How Trump tax plan would alter mortgage interest deduction

Each year, taxpayers subsidize America’s homeowners by roughly $70 billion, with the benefits flowing disproportionately to coastal areas with high incomes and pricey homes, from New York and Washington to Los Angeles and San Francisco.

The subsidy for homeowners comes in the form of a deduction from their taxes for the interest they pay on their mortgages. An affluent New Yorker, for example, would have saved an average of $3,694 in 2015, according to an analysis of IRS data released Wednesday by the real estate company Apartment List. In metro Los Angeles, the deduction was worth an average of $4,568, in San Francisco still more: $5,500.

But under President Donald Trump’s tax proposal, some Americans would likely be steered away from this tax break. Here’s why: Trump’s plan would double the standard deduction, which taxpayers can take if they don’t itemize deductions. The doubled standard deduction could exceed the savings many receive now from itemizing their expenses for housing, state and local taxes and related costs.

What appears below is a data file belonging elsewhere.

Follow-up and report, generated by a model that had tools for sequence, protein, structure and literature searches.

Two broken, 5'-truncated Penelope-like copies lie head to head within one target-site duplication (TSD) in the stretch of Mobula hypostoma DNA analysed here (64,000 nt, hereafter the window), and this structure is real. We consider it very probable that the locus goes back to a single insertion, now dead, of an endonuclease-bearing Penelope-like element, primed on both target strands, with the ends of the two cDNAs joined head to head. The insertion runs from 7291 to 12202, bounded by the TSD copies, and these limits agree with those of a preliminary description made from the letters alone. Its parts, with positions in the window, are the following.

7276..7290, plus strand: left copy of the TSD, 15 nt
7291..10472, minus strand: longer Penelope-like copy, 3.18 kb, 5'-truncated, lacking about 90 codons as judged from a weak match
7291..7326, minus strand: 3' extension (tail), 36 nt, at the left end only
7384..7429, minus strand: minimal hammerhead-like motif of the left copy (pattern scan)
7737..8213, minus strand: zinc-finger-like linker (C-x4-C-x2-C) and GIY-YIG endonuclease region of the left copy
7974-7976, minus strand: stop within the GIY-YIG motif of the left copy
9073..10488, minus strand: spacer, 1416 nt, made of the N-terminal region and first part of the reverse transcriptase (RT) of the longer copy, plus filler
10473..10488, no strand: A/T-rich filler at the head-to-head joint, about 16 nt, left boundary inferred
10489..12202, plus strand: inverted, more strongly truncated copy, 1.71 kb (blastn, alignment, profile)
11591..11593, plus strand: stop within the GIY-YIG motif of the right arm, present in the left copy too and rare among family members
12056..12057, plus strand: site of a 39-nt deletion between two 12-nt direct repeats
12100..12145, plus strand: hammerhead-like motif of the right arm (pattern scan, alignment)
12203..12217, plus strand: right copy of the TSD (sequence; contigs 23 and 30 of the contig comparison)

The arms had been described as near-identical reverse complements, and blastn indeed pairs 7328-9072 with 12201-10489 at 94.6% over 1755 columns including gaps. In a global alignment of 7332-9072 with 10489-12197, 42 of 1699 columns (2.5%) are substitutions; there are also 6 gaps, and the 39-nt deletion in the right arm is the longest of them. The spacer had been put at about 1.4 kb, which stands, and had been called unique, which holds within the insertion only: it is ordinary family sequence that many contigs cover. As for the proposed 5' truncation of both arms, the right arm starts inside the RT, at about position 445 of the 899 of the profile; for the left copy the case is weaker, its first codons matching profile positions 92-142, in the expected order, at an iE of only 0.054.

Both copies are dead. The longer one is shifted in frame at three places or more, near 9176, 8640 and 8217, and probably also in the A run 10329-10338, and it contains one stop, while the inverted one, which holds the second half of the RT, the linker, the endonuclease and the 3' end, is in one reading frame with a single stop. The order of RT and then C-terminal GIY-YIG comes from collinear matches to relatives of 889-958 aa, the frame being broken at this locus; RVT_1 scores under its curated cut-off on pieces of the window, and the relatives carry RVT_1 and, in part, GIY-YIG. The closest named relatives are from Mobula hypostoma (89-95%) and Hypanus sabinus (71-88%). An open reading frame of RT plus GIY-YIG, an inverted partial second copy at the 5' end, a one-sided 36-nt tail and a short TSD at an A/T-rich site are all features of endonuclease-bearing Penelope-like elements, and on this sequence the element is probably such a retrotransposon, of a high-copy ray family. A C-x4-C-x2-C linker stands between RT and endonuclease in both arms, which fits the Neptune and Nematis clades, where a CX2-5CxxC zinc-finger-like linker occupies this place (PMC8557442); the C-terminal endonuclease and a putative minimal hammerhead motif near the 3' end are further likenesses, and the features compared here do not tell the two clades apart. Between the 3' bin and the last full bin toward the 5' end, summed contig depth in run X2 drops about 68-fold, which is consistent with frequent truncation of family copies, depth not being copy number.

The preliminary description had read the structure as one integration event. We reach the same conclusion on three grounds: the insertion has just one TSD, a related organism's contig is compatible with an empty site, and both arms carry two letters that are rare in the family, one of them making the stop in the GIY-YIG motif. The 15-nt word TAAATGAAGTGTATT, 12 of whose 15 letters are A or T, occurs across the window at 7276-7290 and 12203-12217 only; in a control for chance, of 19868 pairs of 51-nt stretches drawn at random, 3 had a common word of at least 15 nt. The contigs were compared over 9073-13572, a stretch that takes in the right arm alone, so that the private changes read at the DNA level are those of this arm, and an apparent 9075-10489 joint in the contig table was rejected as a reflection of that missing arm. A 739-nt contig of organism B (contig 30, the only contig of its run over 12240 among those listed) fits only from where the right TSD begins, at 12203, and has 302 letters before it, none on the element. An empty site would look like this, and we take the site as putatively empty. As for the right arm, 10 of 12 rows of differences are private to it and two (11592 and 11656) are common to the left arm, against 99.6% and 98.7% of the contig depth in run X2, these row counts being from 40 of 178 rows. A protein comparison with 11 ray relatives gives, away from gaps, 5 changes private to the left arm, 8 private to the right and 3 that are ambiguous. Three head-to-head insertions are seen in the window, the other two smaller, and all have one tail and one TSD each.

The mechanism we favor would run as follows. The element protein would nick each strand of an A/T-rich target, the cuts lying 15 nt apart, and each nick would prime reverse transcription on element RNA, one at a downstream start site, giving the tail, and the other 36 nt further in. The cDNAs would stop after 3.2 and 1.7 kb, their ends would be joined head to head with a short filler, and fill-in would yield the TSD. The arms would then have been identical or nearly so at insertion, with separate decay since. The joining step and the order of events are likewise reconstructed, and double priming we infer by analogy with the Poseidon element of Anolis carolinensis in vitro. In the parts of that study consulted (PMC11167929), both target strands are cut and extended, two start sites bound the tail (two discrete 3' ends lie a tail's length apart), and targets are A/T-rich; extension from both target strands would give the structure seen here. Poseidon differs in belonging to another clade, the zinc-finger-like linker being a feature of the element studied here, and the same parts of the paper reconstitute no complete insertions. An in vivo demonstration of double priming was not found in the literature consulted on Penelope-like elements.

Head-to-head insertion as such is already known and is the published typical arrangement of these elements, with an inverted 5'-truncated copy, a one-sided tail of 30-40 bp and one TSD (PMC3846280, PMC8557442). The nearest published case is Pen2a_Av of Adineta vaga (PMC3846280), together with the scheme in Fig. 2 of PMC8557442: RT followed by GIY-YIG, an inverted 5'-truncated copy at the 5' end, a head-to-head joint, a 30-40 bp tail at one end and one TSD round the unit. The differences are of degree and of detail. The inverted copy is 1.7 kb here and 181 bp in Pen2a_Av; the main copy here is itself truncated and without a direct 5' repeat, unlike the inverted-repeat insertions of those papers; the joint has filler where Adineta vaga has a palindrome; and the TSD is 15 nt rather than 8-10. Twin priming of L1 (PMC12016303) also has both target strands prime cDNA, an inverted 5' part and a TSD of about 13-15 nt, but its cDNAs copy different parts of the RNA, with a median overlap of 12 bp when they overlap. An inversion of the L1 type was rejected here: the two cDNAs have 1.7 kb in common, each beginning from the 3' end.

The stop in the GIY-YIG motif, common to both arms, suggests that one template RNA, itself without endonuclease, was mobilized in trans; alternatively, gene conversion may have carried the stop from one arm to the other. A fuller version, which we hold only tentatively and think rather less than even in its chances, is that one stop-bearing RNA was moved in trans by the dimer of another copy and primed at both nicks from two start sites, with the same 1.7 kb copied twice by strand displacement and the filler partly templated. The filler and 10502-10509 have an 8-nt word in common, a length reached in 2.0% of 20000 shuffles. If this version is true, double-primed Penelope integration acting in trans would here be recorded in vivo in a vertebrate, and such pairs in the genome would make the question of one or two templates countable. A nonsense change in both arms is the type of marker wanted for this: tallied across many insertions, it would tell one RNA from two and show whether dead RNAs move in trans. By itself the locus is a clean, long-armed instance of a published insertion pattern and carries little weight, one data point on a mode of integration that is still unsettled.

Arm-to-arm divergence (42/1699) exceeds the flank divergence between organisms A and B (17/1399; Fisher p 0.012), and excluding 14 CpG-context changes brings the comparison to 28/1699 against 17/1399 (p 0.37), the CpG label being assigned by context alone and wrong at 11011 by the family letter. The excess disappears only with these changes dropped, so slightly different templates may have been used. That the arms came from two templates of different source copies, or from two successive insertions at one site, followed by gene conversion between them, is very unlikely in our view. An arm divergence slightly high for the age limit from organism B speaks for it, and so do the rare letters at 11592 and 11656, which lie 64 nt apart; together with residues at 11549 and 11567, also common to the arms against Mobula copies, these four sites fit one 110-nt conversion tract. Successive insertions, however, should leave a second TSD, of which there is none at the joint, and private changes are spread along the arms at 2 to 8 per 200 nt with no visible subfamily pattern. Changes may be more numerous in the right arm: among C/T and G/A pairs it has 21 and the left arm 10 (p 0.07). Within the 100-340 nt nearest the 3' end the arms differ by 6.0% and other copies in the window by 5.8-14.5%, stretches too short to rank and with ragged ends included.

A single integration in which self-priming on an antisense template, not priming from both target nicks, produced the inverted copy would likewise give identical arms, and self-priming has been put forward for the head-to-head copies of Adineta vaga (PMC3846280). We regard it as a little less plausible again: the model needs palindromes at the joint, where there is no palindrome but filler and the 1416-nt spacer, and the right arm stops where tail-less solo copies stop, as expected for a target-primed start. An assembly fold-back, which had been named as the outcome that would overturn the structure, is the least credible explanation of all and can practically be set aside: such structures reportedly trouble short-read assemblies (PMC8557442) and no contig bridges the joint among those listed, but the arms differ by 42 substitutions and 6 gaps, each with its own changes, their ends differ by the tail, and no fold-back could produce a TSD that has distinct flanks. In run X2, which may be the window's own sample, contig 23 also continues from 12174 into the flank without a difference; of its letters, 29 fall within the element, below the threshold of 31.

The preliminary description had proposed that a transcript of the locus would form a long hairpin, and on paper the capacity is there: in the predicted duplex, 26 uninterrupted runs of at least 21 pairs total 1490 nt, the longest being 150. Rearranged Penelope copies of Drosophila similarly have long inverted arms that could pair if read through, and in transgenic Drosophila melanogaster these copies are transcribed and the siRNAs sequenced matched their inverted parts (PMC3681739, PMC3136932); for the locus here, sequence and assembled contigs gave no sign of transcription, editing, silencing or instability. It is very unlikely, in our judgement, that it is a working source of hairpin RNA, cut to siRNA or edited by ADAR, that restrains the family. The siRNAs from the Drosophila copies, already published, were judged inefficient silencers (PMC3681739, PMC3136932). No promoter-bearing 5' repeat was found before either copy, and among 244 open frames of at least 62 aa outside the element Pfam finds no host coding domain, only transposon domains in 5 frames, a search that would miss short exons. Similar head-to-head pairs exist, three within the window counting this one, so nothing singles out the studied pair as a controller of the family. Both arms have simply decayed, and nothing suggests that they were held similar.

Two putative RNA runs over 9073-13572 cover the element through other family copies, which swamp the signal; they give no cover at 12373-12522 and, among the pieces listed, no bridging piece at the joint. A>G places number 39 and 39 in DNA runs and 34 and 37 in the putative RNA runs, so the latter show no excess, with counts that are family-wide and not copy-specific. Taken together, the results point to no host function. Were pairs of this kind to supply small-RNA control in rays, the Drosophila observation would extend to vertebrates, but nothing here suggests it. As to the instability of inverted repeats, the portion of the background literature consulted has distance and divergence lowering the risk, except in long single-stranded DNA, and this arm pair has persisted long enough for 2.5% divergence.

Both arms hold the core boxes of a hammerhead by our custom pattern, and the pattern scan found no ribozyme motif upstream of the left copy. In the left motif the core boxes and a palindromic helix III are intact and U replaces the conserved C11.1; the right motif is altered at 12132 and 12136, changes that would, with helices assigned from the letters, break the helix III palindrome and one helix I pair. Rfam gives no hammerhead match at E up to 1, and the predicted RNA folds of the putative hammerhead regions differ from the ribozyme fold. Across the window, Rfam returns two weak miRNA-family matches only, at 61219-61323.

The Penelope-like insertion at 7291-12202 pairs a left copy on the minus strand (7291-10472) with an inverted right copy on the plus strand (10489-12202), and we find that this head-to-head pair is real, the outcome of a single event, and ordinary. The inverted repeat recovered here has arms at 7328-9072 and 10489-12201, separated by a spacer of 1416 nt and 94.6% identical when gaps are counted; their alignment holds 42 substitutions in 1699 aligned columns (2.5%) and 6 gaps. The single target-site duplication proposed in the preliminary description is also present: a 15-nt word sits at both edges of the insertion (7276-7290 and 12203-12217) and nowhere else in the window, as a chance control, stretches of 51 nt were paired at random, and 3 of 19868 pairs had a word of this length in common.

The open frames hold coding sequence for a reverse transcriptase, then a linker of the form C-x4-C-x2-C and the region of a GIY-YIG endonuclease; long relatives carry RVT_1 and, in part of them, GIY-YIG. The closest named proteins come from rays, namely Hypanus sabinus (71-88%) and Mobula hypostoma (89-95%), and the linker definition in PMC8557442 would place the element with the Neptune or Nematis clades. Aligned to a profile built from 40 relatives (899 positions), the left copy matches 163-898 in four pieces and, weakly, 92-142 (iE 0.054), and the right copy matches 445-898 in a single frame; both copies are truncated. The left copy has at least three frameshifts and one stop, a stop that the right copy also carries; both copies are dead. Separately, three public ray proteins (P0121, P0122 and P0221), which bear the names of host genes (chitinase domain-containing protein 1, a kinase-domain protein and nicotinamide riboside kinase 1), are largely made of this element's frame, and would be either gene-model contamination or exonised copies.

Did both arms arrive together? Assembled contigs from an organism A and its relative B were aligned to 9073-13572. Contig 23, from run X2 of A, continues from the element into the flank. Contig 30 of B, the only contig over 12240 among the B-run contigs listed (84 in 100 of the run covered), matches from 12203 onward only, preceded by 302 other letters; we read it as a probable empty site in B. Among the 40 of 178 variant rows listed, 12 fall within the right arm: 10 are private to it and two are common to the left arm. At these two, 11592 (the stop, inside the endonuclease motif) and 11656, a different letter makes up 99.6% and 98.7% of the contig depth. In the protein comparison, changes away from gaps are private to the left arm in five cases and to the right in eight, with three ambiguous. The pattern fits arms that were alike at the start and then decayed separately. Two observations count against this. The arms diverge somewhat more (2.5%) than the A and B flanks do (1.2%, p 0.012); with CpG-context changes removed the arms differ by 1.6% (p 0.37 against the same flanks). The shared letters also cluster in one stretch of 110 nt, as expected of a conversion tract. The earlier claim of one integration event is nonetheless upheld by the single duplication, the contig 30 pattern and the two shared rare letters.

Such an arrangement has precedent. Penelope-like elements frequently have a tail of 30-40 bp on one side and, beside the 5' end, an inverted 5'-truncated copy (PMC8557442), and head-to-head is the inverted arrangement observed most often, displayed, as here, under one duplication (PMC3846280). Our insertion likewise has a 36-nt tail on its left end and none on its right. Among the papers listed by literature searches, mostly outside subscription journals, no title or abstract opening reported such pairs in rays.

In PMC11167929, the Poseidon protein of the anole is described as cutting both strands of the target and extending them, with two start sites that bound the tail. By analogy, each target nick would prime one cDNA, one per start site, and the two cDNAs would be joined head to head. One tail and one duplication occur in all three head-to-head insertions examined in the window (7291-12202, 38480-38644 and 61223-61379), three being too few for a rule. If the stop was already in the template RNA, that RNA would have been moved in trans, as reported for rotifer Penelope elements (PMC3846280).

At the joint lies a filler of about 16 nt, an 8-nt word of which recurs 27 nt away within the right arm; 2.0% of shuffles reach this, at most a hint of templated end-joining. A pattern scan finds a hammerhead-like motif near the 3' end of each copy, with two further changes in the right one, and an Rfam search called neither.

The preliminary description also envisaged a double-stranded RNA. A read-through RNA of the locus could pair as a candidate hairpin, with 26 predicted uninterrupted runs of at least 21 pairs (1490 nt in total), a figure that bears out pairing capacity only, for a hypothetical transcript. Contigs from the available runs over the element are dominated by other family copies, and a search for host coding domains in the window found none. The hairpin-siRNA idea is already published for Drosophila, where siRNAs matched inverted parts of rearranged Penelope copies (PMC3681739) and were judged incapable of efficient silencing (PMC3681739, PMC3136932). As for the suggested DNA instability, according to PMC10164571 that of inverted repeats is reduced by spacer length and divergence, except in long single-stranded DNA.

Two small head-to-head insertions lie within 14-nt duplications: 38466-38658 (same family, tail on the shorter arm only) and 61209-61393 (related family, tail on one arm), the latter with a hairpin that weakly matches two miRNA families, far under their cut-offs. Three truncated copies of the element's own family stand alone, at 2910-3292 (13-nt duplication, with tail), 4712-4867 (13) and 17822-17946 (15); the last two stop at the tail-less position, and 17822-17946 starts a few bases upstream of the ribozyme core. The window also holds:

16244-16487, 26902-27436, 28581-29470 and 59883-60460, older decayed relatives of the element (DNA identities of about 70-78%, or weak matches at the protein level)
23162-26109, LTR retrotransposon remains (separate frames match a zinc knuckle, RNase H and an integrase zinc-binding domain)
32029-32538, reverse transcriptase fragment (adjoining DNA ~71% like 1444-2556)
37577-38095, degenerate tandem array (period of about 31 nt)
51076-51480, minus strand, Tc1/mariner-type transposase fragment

But the Trump plan would also eliminate many existing itemized deductions, including those for state and local taxes, so that some people who now itemize might end up paying more.


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